Saturday, December 6, 2014

I'm No Edd China, But Time To Try

(Note: I write a tech column in the Hurricane Region, Porsche Club of America newsletter. Desperate for content for the blog, I decided to begin plagiarizing myself.)

The car enthusiast hobby has changed a lot since I caught the bug as a teenager. You probably followed the same path as I did, getting hooked on messing with cars in high school and gradually working your way through a succession of faster/nicer/cooler cars (with a few bad decisions along the way – I see you, Acura Integra). (I take exception to that; mine was an excellent car. -Ed.)

I started out doing many repairs and upgrades myself, from installing stereos to ripping out rusty exhaust components and welding in a straight pipe... and man, did that ‘74 Capri sound cool. In my 20s and 30s I changed my own oil and even attempted deeper repairs on occasion. I have a fairly good set of tools, jack stands, and a floor jack. I did go to mechanics for big stuff, like timing belt changes, but more from a time and confidence standpoint, than an actual skill thing.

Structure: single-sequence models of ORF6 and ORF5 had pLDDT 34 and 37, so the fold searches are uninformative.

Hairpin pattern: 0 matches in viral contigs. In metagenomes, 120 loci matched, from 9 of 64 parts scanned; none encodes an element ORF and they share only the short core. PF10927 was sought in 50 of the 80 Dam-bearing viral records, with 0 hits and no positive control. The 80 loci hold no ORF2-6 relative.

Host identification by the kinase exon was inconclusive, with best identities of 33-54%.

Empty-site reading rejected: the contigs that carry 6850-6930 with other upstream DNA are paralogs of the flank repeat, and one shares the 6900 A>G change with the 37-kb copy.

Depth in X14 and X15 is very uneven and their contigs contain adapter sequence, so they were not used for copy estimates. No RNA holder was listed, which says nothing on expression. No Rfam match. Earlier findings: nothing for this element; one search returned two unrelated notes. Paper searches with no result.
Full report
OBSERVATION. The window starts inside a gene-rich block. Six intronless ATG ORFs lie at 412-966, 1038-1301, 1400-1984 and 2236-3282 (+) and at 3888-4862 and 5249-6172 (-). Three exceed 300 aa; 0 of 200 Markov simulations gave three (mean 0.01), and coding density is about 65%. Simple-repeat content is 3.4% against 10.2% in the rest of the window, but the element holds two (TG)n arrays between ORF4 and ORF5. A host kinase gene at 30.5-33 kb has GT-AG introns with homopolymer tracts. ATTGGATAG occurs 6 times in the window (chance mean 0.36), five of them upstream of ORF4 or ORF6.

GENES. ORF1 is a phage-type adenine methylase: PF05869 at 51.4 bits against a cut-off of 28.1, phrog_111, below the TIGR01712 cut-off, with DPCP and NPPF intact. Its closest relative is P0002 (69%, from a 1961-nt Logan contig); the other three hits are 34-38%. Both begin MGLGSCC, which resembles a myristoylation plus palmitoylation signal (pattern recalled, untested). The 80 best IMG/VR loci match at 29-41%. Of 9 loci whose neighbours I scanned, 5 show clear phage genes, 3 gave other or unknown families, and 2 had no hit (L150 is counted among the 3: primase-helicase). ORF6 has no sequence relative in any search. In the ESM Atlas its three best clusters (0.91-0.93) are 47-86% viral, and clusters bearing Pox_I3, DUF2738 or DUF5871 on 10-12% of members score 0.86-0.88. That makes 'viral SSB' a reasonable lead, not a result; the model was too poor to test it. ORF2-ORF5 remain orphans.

It used to be so much simpler. What happened?
But, when I moved into modern Porsche membership with my 996, maintenance got a lot tougher. For one thing, OBDII now rules fault diagnosis. Sure, I’ve changed the brake rotors and pads, but I’m no Ray Munsch or David Brown (Porsche guys I know with real wrenching skills). Modern cars are just too darned complex for the average enthusiast to tackle much other than oil changes and brakes.

This reality has led me to create the “Home Car Repair Continuum” chart. It graphically shows a simple fact: the more expensive and complex the car, the less willing and able the average enthusiast is to repair it himself (or herself!). To be completely honest there is an additional factor at work     
here... let’s call it the sloth of affluence. Generally, we can afford to have done things we could actually do ourselves. But we rationalize we don’t have the time and pay one of the fine shops in the area to maintain our rides (waves at Hurricane Region sponsors). This is not wrong, but it is a bit lazy. I don’t have time to change the oil, but I did watch about 20 hours of basketball during March Madness...

So what to do? I have come to this decision: I am going to try to do everything that I can myself. Oil changes? I can do that! Brakes? I can do those! Motor mounts? Sitting in the garage waiting for warm weather.

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